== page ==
Page 1 of 2 12 LastLast
Results 1 to 20 of 21

Thread: Anbar Awakening Council: Friends Close Enemies closer?

  1. #1
    Registered User
    Join Date
    Apr 2009
    Posts
    2

    Lightbulb Anbar Awakening Council: Friends Close Enemies closer?

    Forward: This peice is being written for an Insurgency Counter Insurgency Class at American University.
    I have spent a full semester doing group projects and analysis on the current situation in Iraq, this work often searched for any glimmer of what could be called an American victory, a true victory not just a strategic move in a larger overall victory for the whole of a situation in a country. My feelows seemed to desire to define the conflict into individual battles which could be codified as won or lost. I think it is this need to see things as won or lost that brings us as american to the discussion of the Anbar Awakening Council.

    The Awakening Council to be best described can be seen as a case of the enemy of my enemy is my friend. The tribal systems from which they have sprung and there presence outside the established power structure of the Iraqi government leads to them being at best a slippery topic. They are in many ways a jarring case, not being part of the government structure we have fought so hard to define and to develop, offering instead an alternative power system, negating the government monopoly on the legitimate use of force.

    The power point of the American involvement with them was that we could, by legitimizing them, negate and cancel there alliance with insurgent forces, bringing them to are side and allowing for victories in the perceived battle for an-bar province. But from the perspective of seeing the whole conflict in Iraq as one battle, we may have actually made a misstep, by legitimizing them, we negate to some extent the power of the Iraqi government, a power we have fought so hard to build.

    The only way that we can perceive involvement with the Awakening council as being constructive to the Legitimacy of the Iraqi government in its ability to negate the insurgency.

    However, maybe as a side note, if you were to veiw the Awakening Council from the perspective of freinds close and Enemys closer, by dragging them into an alliance with us, learning there force structure and baseing, as well as negating any ability that they have to make comments about the evil american invader (because everyone else has been watching them be in bed with us for the last however long) and yet at the same time providing them military support, (proving there inability to operate seperate from us) oh and by forming them in our reflection (in a way that completely apposes the teachings of Fanon) A.K.A making them act like us instead of like Iraqis, we may have actually managed to seperate the Awakening Council from the deep concetions in had with the communities it was drawen from. This may negate the diffrences from the Iraqi goverment and Military that had made them so appealing for so long to there local communites........ Maybe by keeping our freinds close and are enemies closer, we might just be able to destroy are enemies with are kindness....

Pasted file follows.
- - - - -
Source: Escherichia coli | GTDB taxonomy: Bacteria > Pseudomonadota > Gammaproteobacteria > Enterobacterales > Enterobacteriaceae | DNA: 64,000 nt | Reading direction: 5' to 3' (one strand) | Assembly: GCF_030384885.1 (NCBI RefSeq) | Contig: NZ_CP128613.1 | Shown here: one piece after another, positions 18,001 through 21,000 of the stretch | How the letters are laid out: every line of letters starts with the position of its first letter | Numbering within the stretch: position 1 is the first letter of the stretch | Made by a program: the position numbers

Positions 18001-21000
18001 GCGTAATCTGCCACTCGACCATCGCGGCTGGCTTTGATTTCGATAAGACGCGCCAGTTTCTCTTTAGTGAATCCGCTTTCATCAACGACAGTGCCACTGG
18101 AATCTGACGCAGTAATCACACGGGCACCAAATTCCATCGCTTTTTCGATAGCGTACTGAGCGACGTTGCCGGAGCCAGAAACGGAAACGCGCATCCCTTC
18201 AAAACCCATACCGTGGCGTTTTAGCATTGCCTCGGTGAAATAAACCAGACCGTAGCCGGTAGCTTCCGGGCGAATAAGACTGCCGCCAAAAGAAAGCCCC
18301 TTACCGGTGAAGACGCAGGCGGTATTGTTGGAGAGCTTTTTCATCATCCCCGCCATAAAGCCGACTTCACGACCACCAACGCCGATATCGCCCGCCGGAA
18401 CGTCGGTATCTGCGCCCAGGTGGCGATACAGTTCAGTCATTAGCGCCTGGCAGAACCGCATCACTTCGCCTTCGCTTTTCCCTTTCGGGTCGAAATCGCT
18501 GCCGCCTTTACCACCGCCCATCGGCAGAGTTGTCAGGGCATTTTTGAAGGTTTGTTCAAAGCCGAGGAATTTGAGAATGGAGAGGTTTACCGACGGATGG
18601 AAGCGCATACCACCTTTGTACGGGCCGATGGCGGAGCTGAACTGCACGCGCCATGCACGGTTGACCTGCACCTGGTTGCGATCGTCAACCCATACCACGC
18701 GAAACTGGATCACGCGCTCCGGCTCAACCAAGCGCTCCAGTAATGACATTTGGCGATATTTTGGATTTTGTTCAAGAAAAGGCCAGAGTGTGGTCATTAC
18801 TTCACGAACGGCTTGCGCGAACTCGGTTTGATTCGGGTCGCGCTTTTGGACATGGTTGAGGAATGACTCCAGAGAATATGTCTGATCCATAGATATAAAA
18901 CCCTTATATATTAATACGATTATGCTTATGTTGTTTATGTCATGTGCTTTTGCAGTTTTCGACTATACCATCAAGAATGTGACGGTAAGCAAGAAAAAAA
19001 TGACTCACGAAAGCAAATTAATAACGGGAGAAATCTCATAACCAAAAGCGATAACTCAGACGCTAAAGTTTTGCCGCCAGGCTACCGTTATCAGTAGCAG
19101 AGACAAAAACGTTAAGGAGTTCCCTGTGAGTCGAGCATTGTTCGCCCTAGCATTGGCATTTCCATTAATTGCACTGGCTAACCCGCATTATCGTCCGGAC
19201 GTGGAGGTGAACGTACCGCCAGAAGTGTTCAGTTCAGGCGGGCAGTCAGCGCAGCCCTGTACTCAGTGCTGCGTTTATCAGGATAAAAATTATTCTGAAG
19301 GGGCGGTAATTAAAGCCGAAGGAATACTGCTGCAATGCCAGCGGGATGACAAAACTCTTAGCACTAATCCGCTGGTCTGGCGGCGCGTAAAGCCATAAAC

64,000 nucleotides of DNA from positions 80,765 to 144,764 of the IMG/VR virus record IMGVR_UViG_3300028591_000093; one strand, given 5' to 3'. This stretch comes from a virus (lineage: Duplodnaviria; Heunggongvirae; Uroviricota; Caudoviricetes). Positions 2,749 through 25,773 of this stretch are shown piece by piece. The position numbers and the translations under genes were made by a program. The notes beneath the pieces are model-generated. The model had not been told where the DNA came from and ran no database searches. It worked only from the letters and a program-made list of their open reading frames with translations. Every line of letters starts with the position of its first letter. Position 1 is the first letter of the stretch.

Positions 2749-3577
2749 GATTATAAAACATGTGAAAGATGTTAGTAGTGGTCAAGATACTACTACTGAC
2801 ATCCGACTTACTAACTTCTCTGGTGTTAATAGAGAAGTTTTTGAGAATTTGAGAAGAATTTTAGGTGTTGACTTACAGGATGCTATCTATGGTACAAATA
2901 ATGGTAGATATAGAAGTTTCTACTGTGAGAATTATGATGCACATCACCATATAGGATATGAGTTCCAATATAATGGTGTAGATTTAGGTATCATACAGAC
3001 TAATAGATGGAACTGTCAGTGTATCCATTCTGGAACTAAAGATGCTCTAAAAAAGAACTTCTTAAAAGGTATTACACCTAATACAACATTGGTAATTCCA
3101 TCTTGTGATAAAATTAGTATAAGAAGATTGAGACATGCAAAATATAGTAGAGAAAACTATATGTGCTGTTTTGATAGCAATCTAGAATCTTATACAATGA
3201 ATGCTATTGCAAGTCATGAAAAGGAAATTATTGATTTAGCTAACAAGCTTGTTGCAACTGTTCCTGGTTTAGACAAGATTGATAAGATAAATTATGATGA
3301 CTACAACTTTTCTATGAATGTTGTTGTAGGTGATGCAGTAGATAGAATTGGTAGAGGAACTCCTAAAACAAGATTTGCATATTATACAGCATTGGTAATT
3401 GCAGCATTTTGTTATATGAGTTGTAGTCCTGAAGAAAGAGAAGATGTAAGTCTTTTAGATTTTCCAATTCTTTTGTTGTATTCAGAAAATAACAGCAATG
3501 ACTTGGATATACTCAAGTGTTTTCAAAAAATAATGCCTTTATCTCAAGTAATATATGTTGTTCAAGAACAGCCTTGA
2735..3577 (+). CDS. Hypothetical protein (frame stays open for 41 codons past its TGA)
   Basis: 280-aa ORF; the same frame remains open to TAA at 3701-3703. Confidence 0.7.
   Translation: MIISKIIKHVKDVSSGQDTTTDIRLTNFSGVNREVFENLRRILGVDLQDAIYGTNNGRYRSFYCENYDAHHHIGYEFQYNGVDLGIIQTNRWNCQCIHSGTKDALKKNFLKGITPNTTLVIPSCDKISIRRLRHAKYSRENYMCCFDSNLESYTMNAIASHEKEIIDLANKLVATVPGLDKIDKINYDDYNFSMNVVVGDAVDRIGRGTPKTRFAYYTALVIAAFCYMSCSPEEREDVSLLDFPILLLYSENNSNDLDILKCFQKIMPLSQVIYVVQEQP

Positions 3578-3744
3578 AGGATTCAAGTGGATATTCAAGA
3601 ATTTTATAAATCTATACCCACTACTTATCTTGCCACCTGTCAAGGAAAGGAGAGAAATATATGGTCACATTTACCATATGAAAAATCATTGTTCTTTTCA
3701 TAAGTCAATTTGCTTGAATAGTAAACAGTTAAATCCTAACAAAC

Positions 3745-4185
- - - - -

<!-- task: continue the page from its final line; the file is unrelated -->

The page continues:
2. #2
    Council Member MikeF's Avatar
    Join Date
    Aug 2007
    Location
    Chapel Hill, NC
    Posts
    1,177

    Default Well done

    I'd recommend that you research a little on "balanced opposition," ### for tat, quid pro quo...Then, you'll understand a bit more.

    Sometimes we forget the Greeks moved into city-states and the Arabs stayed as bedouins. That knowledge explains a lot of our current predicament.

    v/r

    Mike

  3. #3
    Council Member Cavguy's Avatar
    Join Date
    Jun 2007
    Location
    Honolulu, Hawaii
    Posts
    1,127

    Default

    Mike,

    Have to disagree. There WAS no legitimate Iraqi government in Anbar to reinforce. The only power structure functioning (other than AQIZ) in 2006 was the tribal system.

    CE Calwell articulated it well - I don't have the book in front of me but he basically said you had to work WITH the existing power structures (tribal or whatever) rather than against if you want any reasonable chance of success. External occupiers cannot change this effectively, and in doing so create chaos.

    Unfortunately have to run.

    Niel
    "A Sherman can give you a very nice... edge."- Oddball, Kelly's Heroes
    Who is Cavguy?

  4. #4
    Council Member MikeF's Avatar
    Join Date
    Aug 2007
    Location
    Chapel Hill, NC
    Posts
    1,177

    Default What Niel said

    He was there...I only stopped briefly in Ramadi to visit the Seals.

    I suppose I just liked the discussion.

    v/r

    Mike

  5. #5
    Council Member Cavguy's Avatar
    Join Date
    Jun 2007
    Location
    Honolulu, Hawaii
    Posts
    1,127

    Default

    @moatandbailey,

    Rather than re-hash my arguments, I would start by reading the blog post and relevant threads here:

    http://smallwarsjournal.com/blog/200...-west-was-won/

    On the origins of the Awakening:

    Debate over whether it was a good idea (1)

    Debate over whether it was a good idea (2)

    Here is my summary. There was no functioning government in Anbar. None. There was no one to legitimize or reinforce. You couldn't pay people enough to become officials.

    The ONLY reasonable option (other than continuation of the status quo) was to leverage the existing power structure and bring them to our side. As long as violence was out of control nationwide no reconciliation was possible and there would be little chance of gaining a legitimate, effective central government.